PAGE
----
"Would you like to knit with me in the library during lunch?"
And so we did, setting up our projects on the table by a window, peering out now and then at the Hemlocks nodding in the late March breeze. (But not too often, as stitches have a nasty habit of skidding surreptitiously off my needles when I look away, even for a moment.) We stopped occasionally to sip coffee, or to talk about our other projects, or commiserate about our heart-breaking failures. (Like the sweater I need to rip apart because it "grew" and is now big enough for a family of three.) But mostly we just sat and plied the yarn over and under our needles. She was working on a beautiful lavender wool-cotton blend sweater, while I plugged away on a pair of lavender-yellow-pink socks. It was quiet as we worked (well, it is a library, after all) and very restful. I managed to finish 2 inches of the cuff on one sock. And I also managed to feel entirely relaxed as I packed up and walked back down the hall to my office.
Labyrinths. The very word conjures up thoughts of confusing pathways, frustrating dead ends, endless, twisting routes. Sometimes confused with mazes, labyrinths have no puzzles or trickery in their design; in fact, labyrinth walking is a tool for meditation and enlightenment, one which has come into and out of popularity since the days of the Roman Empire.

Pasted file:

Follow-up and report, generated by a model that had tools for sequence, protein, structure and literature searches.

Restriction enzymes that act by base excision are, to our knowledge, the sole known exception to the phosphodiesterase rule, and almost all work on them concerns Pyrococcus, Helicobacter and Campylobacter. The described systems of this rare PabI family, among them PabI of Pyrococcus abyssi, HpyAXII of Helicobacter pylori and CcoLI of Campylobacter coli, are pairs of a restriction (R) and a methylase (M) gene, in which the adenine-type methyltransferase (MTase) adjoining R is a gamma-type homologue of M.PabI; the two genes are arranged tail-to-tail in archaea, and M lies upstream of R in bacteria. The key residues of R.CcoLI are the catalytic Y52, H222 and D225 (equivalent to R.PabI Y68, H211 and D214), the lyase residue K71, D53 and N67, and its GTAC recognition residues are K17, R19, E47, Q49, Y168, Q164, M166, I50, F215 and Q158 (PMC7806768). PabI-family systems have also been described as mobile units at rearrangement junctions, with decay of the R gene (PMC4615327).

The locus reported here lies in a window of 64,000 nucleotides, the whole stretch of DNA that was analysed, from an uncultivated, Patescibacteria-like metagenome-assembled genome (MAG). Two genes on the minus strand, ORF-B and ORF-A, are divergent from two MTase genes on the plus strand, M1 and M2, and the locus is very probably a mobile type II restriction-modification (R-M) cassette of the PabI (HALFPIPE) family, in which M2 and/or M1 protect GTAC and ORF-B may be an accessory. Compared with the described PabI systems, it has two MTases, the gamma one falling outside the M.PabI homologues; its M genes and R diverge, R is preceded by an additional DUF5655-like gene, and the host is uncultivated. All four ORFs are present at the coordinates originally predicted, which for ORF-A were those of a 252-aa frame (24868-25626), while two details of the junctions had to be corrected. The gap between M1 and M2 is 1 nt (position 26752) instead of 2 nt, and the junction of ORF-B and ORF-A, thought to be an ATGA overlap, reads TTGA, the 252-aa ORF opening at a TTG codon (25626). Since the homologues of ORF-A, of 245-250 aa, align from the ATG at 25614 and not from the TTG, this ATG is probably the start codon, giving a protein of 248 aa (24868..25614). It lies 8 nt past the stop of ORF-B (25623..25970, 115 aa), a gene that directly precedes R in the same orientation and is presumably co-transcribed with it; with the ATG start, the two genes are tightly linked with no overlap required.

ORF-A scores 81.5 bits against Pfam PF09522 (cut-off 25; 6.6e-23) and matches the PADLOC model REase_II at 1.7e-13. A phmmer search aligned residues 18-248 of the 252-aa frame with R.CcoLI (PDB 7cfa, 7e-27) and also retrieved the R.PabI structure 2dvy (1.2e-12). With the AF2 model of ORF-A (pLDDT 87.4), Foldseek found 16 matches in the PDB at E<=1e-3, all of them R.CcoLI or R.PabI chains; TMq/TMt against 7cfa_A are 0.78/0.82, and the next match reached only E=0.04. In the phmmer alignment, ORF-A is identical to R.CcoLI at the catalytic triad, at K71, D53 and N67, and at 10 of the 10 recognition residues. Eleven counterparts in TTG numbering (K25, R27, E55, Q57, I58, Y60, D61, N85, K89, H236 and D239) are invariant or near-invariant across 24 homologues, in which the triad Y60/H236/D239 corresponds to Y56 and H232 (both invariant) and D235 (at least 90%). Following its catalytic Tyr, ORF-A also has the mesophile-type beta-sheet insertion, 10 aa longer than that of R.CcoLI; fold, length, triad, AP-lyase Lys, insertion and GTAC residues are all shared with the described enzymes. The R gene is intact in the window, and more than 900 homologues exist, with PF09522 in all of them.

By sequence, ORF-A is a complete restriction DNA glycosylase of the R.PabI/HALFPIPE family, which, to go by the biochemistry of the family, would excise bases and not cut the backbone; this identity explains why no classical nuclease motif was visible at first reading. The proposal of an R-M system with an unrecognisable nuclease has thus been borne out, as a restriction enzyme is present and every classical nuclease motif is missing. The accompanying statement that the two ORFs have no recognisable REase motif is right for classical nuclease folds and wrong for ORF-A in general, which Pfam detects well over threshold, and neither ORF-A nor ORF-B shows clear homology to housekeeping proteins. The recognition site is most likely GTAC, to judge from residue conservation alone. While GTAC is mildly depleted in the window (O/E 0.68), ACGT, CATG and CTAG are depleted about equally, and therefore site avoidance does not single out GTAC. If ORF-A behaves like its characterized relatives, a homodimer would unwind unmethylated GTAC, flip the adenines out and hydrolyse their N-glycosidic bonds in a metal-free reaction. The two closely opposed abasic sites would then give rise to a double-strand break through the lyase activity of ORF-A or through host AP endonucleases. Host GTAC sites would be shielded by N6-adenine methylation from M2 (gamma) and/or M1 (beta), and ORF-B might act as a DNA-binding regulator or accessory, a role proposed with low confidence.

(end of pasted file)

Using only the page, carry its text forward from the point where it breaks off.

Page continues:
"The Labyrinth helps us focus on the rhythm of walking - it gives us a focus for our meditative thoughts," says Revered Jo Ann Drake, of the Church of the Redeemer. Walking into the labyrinth's center "symbolizes walking into the center of ourselves. Spend as much time in the center as you want to, then move back out into your life."
The church has a labyrinth on its front lawn which can be walked at any time, and Revered Drake says that walkers need not be meditating on religious topics. "Think about anything you wish."
A labyrinth can be used as a path of prayer, to seek the divine, regardless of the tradition in which one stands. The winding path leading to the center serves as a mirror to reflect the movement of the Spirit in our lives. The labyrinth has only one path so there are no tricks to it and no dead ends. Walking the path with an open mind and an open heart touches our sorrows and releases our joys.
On Block Island, Barbara McDougall, owner of the Turning Point retreat, has created another outdoor walking labyrinth, this one with views of a duck pond and a lighthouse. The labyrinth is made of local stones, and MacDougall says that every New Year's Day it gets bigger when "people bring their prayers and wishes in the form of stones and put them in the labyrinth."